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Dirt, Work & Waiting

Posted by on Oct 11, 2013 in Humility, Married Life | 6 comments

fall for blog dirt post


My husband and I spent the bulk of the day yesterday working around our house. He worked on it and I worked in it.

Our jobs were nothing alike. He labored to encase electrical wires in a tube on the side of our garage while I cleaned inside. I dusted, waxed, vacuumed, climbed step stools, washed windows, scrubbed toilets and did laundry.

It’s probably safe to say we both worked equally hard. And at the end of the day, we both felt like our day had been productive.

The blaring difference between our tasks however, is the obvious. His job will most likely last more than a week. He can walk away from his investment of time and energy with a different kind of satisfaction than I can. If he did the job well, it will probably never need to be done again. I have to say I envy that.

I honestly detest housework. If there was any way to eliminate it forever I would pay whatever price necessary to do it. Take away all the furniture – even make me walk through a sterilization chamber to get into the house – I would do it. At face value, cleaning house offers me no lasting satisfaction.

I often wonder what life would be like without dirt.

Dirt does however – even the cleaning the house kind of dirt – remind me of my mortality. Nothing we do is truly lasting. Even my husband’s job will one day be obsolete or forgotten.

Every day is a sacred gift and no task is menial or without purpose.

While visiting a skilled nursing facility the other day I overheard one women talking to another. They were reminiscing about the life they once had. They didn’t mention missing their jobs. They didn’t talk about their accomplishments or titles. They didn’t even miss their youthful bodies – they missed the ordinary tasks of life. They missed cleaning their houses. Imagine that.

When I consider the privilege God gave us to care for the soil of this planet, I’m humbled.

When I remember the large portion of the population who do not have homes to clean, I’m pricked with conviction for my own complaining. Dirt, even dust, reminds me who I am and where I come from.

Some days are filled with moments and projects that give us a sweet sense of accomplishment. But other less meaningful days feels as though we’ve done nothing more than remove a layer of dust no one even sees.

God has saved the dirt-free environment for our next home. His world will not simply be sterile and absent of the menial tasks we’ll regret leaving. Whatever substances his kingdom will consist of, I am certain it will be life producing and perspective generating, just like dirt does in this life.

God has a way of transforming our dirt into life-producing soil.

Work can become worship in the temple of our temporary while we wait for his invitation home.


Digging up an old post to link up with #TellHisStory today.

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My Evil Twins

Posted by on Sep 22, 2013 in Humility | 12 comments



They come to visit frequently, and admittedly mostly by invitation. No matter how hard I try to keep them under wraps, I’m forced to admit they’re my evil twins.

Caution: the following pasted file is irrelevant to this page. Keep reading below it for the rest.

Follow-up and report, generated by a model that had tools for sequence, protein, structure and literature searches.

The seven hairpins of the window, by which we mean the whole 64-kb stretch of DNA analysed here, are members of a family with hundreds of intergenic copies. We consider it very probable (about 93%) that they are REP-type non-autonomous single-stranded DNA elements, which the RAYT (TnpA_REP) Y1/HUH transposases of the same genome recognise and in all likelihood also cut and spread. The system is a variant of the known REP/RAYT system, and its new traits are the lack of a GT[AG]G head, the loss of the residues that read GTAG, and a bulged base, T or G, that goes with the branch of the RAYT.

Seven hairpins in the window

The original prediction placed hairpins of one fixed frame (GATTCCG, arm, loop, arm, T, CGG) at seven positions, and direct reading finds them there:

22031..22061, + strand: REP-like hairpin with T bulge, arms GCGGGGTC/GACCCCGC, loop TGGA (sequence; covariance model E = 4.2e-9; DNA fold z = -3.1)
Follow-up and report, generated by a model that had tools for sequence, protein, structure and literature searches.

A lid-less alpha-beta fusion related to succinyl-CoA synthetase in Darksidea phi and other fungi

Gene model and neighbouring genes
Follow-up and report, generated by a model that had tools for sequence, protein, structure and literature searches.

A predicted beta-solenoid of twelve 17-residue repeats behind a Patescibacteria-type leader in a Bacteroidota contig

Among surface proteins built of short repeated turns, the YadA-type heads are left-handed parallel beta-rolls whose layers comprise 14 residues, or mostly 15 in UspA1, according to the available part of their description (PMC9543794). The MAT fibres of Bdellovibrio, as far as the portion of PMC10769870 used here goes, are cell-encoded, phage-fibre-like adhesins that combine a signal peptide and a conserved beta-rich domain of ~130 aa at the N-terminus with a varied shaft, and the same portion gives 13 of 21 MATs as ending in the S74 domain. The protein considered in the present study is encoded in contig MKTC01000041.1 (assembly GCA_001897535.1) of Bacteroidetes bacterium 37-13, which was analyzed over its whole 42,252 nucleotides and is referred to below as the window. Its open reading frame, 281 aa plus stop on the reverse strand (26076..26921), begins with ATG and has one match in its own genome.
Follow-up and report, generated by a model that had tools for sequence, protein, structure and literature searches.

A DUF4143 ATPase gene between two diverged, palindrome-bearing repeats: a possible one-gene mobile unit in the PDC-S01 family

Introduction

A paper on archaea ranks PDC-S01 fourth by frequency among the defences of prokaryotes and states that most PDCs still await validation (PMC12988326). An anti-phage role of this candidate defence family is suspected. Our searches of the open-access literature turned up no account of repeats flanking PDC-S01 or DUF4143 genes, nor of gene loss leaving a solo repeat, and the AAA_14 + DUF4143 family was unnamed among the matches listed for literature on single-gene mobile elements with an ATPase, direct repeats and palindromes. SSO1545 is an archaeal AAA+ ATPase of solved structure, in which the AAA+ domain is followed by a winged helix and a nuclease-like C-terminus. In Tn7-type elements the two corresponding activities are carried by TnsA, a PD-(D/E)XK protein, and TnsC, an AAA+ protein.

Every time they come to visit I cringe. I know what they represent. They terrorize my orderly house. They infiltrate my closet where unfortunately, they fit into everything I own. Parading around town people mistake them for me. It’s horrifying.

I try to suggest they just keep a low profile. You know – at least keep their mouths closed. We discuss proper manners like, ‘speak when you’re spoken to’ or ‘be seen and not heard’. But their tendency is to leave their mark wherever they go. They crave influence. Somehow it makes them feel worthy. They thrive on safe superiority. But the superiority comes at the expense of people they meet, even people they don’t know. When they flourish, I diminish.

Don’t get me wrong – we are close. I just prefer to keep them in their place. We love to commiserate behind closed doors. It’s the public presence that kills me.

If you see them – please don’t acknowledge them. Don’t entertain them.

Their names are Cynicism and Criticism. They do serve a purpose – but not to you. My evil twins are good for one thing. When they surface in my life I know I have some digging to do. Some re-outfitting of my wardrobe.

Their whispers and quiet influence can be hushed by inviting other guests to visit instead. Truth and Mercy belong in my home. My closet should be a comfortable place for them. Truth and Mercy know how to speak in public. They’re welcomed by my community. I don’t need to hide them or be ashamed of them.

My evil twins do have an innate ability to activate my heart gauge though. Their whispers and subtle influence allow me to consider the deep secret places of my heart. They are a warning light to my soul. When tempted to extend an invitation to them, I remember the sweetness of my better guests.


Each one had a strong opinion as I passed a young couple and their baby begging on the street corner near my supermarket.

Cynicism started the dialogue with, “Good choice guys – no one begs in our town. You should make a killing”. Criticism chimed in, “The dad looks healthy to me, healthy enough to work”.

But as I stared at their baby, Truth reminded me that they were exactly why I was here. They were no more or less loved than me – no matter why they were begging. Mercy softly guided my car to a stop as Cynicism and Criticism slithered away in the shadows.

Mercy mends. Truth stands. My heart swells with peace.